Dec. 11, 2019

yellow trumpets, Sarracenia alata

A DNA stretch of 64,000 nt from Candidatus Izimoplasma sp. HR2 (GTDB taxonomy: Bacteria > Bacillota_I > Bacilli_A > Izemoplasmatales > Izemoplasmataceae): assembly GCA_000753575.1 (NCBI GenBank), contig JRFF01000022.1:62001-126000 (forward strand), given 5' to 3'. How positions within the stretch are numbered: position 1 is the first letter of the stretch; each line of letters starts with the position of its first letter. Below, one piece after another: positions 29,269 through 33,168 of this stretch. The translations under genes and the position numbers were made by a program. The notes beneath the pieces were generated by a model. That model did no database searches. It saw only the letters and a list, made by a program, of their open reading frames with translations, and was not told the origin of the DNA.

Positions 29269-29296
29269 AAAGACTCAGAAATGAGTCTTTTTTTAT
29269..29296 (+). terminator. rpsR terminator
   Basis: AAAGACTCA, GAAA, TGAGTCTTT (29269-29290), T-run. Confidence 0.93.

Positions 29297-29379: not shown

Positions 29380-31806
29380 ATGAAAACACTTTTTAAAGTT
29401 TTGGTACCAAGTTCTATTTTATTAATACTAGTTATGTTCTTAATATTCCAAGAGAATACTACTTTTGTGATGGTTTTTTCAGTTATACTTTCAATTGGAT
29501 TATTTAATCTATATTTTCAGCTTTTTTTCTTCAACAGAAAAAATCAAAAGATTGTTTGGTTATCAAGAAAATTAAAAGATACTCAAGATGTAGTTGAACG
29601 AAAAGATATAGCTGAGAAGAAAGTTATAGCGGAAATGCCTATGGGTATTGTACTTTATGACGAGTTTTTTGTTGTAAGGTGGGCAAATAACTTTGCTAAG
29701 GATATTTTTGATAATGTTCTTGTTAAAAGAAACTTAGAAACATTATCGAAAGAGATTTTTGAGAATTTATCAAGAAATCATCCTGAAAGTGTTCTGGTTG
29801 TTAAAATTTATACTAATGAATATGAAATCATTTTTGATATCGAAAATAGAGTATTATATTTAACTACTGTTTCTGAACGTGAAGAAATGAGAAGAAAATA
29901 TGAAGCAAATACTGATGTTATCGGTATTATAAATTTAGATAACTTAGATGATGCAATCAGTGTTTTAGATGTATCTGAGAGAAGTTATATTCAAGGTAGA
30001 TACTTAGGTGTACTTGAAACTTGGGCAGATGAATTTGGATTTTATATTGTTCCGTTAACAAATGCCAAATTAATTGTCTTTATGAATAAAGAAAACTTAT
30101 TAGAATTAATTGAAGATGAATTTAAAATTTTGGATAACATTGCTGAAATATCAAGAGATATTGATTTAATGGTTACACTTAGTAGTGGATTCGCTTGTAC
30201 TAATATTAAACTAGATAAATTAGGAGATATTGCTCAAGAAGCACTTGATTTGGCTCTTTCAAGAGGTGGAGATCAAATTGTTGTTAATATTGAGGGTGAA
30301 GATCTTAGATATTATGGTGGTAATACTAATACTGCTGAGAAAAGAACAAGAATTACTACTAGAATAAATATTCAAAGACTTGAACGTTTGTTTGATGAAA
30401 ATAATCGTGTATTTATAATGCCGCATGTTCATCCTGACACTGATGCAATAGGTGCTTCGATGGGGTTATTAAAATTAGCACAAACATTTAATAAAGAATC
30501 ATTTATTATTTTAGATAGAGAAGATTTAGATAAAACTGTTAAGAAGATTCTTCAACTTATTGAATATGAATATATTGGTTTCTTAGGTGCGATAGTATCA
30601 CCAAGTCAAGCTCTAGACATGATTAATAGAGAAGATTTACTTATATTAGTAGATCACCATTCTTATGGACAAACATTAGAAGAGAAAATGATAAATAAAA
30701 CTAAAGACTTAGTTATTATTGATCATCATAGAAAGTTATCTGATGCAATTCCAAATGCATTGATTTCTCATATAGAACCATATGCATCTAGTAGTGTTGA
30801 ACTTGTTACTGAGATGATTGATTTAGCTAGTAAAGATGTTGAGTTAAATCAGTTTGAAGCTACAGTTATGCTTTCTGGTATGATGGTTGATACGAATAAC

Yellow trumpets are actually pitcher-plants. Apparently they're called trumpets to differentiate them from another yellow-flowered species, Sarracenia flava. Maybe S. flava gets to be the pitcher-plant because it's more yellow? These strange flowers have five petals that you see here hanging on the outside. Inside is a greatly enlarged pistil that looks like an upside down umbrella. The lobes of this umbrella are the stigmas that collect pollen. The anthers and ovary are above the umbrella. When the anthers are ready, they drop their pollen onto the umbrella. Some of the nectar from the area of the ovary also drops onto the umbrella. Pollinators first land on the lobes of the umbrella, depositing pollen from other plants as the collect nectar. It has been suggested that the umbrella arrangement helps keep the pollinating insects away from the carnivorous pitchers. This description is boiled down from several articles that describe these strange flowers. Each article was very clear, but they did not entirely agree with each other. Perhaps this is because most pitcher-plant reproduction for growers is done by dividing plants. No need for seeds! Yellow trumpets grow in wet, boggy soil in AL, LA, MS, and TX. There are two separate populations, one from west AL to east LA, and the other in west LA and TX. Matthaei Gardens, U. of Michigan, 2/28/12.